• Add at least 1 Google tool/tip to the Fluco Toolbox resources section of my site per month (12 total)
  • Work with a small cohort of teachers in my district to train/prepare them to take the Google Certified Educator Level 1 exam in June 2019 (at least 6)

In addition to my goals being ready, I have already begun designing professional development sessions in a new format. I have developed a list of requirements that every PD session will have. I am requiring myself to have a Slide deck and an agenda with resources ready for every session. I created a master Slide deck to work from, as well as a master agenda template. Prior to every session, attendees will receive the agenda in a PDF and have access to the topics in advance. They can also check out the shared resources. This lets them think of potential questions to ask in advance.

So far, I’ve been able to develop 3 professional development sessions for next year. These are all on more advanced features of Google, and I’m planning to stay away from developing beginner sessions until I have flushed out a nice variety of advanced sessions. These sessions are designed so that I can use them as professional development or submit as part of a proposal to present at a conference. So far I have the following:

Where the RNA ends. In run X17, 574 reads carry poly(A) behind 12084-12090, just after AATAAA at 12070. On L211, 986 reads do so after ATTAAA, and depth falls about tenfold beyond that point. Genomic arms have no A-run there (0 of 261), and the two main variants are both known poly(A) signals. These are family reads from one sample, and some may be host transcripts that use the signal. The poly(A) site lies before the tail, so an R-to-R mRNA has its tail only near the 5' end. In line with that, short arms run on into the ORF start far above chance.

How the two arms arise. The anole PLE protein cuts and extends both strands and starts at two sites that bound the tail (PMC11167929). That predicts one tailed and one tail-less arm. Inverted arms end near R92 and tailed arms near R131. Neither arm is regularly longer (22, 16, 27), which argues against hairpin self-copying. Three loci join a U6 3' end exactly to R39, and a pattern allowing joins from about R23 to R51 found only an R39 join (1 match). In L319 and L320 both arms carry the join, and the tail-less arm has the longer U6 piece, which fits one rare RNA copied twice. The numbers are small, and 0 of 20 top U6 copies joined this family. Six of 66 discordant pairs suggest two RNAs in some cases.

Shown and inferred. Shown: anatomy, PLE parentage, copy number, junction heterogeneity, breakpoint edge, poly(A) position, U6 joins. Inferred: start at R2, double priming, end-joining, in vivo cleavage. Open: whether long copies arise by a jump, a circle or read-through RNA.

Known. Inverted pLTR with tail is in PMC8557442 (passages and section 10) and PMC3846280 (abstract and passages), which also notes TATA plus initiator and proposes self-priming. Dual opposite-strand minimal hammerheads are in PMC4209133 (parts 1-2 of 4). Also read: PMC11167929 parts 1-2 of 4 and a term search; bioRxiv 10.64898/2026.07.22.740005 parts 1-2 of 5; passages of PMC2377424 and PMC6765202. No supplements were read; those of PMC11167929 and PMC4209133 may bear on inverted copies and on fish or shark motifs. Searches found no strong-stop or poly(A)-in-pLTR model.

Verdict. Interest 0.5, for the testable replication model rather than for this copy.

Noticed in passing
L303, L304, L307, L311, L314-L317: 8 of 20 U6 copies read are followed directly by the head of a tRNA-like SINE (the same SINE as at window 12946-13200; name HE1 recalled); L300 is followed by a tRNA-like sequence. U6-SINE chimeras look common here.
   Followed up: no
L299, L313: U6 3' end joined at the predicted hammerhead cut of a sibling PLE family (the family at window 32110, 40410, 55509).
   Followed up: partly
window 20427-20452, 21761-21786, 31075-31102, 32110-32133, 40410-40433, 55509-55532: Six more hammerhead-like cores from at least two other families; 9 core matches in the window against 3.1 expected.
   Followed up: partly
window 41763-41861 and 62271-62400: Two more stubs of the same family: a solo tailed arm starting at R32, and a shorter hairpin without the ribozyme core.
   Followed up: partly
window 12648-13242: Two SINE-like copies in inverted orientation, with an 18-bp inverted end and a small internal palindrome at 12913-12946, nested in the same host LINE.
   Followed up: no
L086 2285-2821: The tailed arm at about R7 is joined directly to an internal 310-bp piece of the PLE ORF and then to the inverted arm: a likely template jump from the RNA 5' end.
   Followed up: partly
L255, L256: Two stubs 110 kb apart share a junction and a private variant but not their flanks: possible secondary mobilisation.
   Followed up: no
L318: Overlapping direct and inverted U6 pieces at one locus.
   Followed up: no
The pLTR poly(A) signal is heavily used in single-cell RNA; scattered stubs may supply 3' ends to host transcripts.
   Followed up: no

• 6 Advanced Tips and Tricks for Google Forms
  • Google Calendar for the Busy Professional
  • Upping Your Google Forms Quiz Game

I’m also in the process of putting together sessions for Google Calendar on the Go! and Analyzing Google Forms data. I’ve got the list of key points to cover. I just need to complete some more research and put together the materials and images. It is definitely a lot easier to plan professional development with master templates and requirements for sessions!

Google Trainer Bootcamp is definitely worth it, so if you have the opportunity to attend one, I highly recommend doing so. It will definitely help you to prepare for the trainer application, and it also pays for your Trainer Skills Assessment exam.

 

Becoming a Google Certified Educator

As of Saturday, March 3, I have successfully passed both Level 1 and Level 2 exams to become a Google Certified Educator. This has been on my “to-do” list since I became an ITRT in Fluvanna County. I had originally intended to do it much sooner, but always put it off for one reason or another. That all changed when I had the chance to take boot camps on my district’s dime to better my craft. Of course, I jumped at the chance!